And if you examine blood pressure, then the presence of aortic stenosis will be reduced in comparison with normal systolic ("upper") pressure.
But, undoubtedly, the most correct clinical sign of aortic stenosis will be a certain picture, which the doctor will listen with a stethophonendoscope.
When the aortic valve is dried, a systolic, coarse noise can be easily detected by a stenotic aortic stenosis. The reason for its occurrence is the same as in the "jitter", which has already been described above. Blood goes through the narrowed part of the aorta, its "twists" arise and noise is heard. Like jitter, this phenomenon occurs at the time of contraction of the left ventricle (that is, its systole).
In addition, there are other interesting changes in the functioning of the valvular apparatus of the heart, which can be listened to. Since a small amount of blood is sent to the large circle of blood circulation, the second tone (which is the tone of the diastole of the left ventricle, and is obtained when the three valves of the aortic valve is slammed) is much weaker than normal. A small amount of blood slams the aortic valve with little force. Sometimes this second tone is even difficult to listen to. The reason for this is very simple: with aortic stenosis, the valves are most often fibrous, which means they are inactive and, again, are slammed with much less force and sound.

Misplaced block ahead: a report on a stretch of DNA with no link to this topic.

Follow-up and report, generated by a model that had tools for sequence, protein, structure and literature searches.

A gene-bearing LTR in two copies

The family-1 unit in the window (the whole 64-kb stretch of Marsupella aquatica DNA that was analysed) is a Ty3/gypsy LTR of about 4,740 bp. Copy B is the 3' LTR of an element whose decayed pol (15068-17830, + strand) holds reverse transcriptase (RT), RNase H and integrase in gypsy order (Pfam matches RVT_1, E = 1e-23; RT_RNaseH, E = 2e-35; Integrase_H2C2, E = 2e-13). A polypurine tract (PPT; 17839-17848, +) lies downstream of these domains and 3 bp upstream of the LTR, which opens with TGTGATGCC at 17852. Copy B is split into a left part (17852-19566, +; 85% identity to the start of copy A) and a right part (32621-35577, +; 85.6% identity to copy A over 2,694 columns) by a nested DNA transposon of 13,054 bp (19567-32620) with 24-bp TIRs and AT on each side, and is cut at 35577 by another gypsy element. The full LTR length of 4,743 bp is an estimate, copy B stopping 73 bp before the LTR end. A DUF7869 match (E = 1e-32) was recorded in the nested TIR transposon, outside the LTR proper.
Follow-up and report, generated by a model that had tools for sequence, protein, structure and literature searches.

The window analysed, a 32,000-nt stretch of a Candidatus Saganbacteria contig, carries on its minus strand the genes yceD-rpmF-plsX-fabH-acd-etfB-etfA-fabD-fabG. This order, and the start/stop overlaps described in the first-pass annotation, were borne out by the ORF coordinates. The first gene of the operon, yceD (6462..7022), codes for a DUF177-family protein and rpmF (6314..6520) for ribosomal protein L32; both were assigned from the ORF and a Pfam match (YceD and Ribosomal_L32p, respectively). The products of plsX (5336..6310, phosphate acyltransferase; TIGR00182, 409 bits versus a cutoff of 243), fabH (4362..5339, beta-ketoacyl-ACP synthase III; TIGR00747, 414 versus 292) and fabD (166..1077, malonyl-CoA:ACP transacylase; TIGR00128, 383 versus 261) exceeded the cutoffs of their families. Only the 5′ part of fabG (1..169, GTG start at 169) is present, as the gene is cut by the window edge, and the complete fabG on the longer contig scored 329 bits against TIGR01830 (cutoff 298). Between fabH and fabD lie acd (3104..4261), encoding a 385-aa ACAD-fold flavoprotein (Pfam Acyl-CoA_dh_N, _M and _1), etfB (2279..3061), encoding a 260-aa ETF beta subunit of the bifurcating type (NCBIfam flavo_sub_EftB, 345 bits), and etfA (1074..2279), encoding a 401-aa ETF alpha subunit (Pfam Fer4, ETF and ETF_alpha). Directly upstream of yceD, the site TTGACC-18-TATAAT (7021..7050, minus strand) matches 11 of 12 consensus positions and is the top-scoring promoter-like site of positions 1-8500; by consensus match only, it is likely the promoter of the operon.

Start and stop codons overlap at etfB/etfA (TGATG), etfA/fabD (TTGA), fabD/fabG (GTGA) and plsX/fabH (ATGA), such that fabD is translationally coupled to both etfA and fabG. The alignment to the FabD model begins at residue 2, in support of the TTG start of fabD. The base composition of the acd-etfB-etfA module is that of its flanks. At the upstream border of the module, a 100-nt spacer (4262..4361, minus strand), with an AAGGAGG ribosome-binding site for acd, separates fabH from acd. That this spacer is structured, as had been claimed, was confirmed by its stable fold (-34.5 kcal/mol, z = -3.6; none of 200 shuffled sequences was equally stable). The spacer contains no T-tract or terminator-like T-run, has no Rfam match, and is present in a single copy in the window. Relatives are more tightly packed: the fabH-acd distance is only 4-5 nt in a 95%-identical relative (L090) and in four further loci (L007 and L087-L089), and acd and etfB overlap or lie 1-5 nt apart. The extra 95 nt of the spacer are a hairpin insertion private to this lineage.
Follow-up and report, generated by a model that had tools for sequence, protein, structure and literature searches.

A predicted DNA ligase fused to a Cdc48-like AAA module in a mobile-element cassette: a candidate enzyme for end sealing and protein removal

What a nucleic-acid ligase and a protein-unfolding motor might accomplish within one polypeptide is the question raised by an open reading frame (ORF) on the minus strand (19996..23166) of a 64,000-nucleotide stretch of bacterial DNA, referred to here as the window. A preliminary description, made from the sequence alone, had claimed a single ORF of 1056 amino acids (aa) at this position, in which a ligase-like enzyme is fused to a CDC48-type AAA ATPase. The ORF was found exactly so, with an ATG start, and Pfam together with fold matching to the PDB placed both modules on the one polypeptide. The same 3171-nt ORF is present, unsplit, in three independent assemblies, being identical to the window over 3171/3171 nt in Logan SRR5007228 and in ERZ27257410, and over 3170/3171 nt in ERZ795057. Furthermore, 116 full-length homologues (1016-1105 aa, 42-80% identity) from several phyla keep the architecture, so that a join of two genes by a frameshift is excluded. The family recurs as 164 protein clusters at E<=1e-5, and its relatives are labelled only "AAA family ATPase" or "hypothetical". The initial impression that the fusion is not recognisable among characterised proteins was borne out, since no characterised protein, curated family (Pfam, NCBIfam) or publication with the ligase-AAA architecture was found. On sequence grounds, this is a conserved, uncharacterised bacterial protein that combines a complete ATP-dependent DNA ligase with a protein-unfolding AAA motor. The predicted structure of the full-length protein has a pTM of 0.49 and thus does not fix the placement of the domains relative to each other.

While the diastolic pressure did not begin to increase in the left ventricular chamber, the 1st tone (tone of purity) will sound relatively normal. But since the duration of the left ventricle systole is increased, the doctor with a musical ear will be able to listen to a slight decrease in the sonority of the systolic tone.
In addition, when there is decompensation, and pressure during diastole increases - in the region of the cardiac apex, 3rd and 4th tones appear. These tones do not manifest themselves during the normal functioning of the heart valve apparatus, and therefore, are considered pathological. These tones will tell the doctor that the left atrium has already been implicated, and it is struggling to push blood into the left ventricle, where high diastolic pressure interferes with it.
With a neglected pathological process, clinical symptoms go beyond the heart and are located in those organs whose blood supply is subject to violation, with that or other prophet. With aortic stenosis, the lungs most often suffer. If you listen to them with a stethophonendoscope, you can hear wet bubbling rales - this is a sign of the presence of fluid in the lungs. Also, tapping the lungs, if there is liquid in them, you can hear how the percussion sound becomes shorter and less sonorous.
Aortic stenosis treatment
Treatment of aortic stenosis includes surgical and conservative methods. In conservative methods, attention is focused on eliminating the consequences of blood flow disorders, cardiac arrhythmias and the prevention of the occurrence of infective endocarditis.
The first try to eliminate the phenomenon of stagnation in the pulmonary circulation. Assign diuretics (most often use Furosemide). It is important to prescribe them, taking into account all clinical, instrumental and subjective data and apply with great care.
With atrial fibrillation, cardiac glycosides are prescribed (digoxin).
Also potassium preparations were also widely used in the treatment of aortic stenosis.
To improve the relaxation of hypertrophied myocardium, B-adrenoblockers or antagonists of calcium blockers (especially those belonging to the Verapamil series) are used.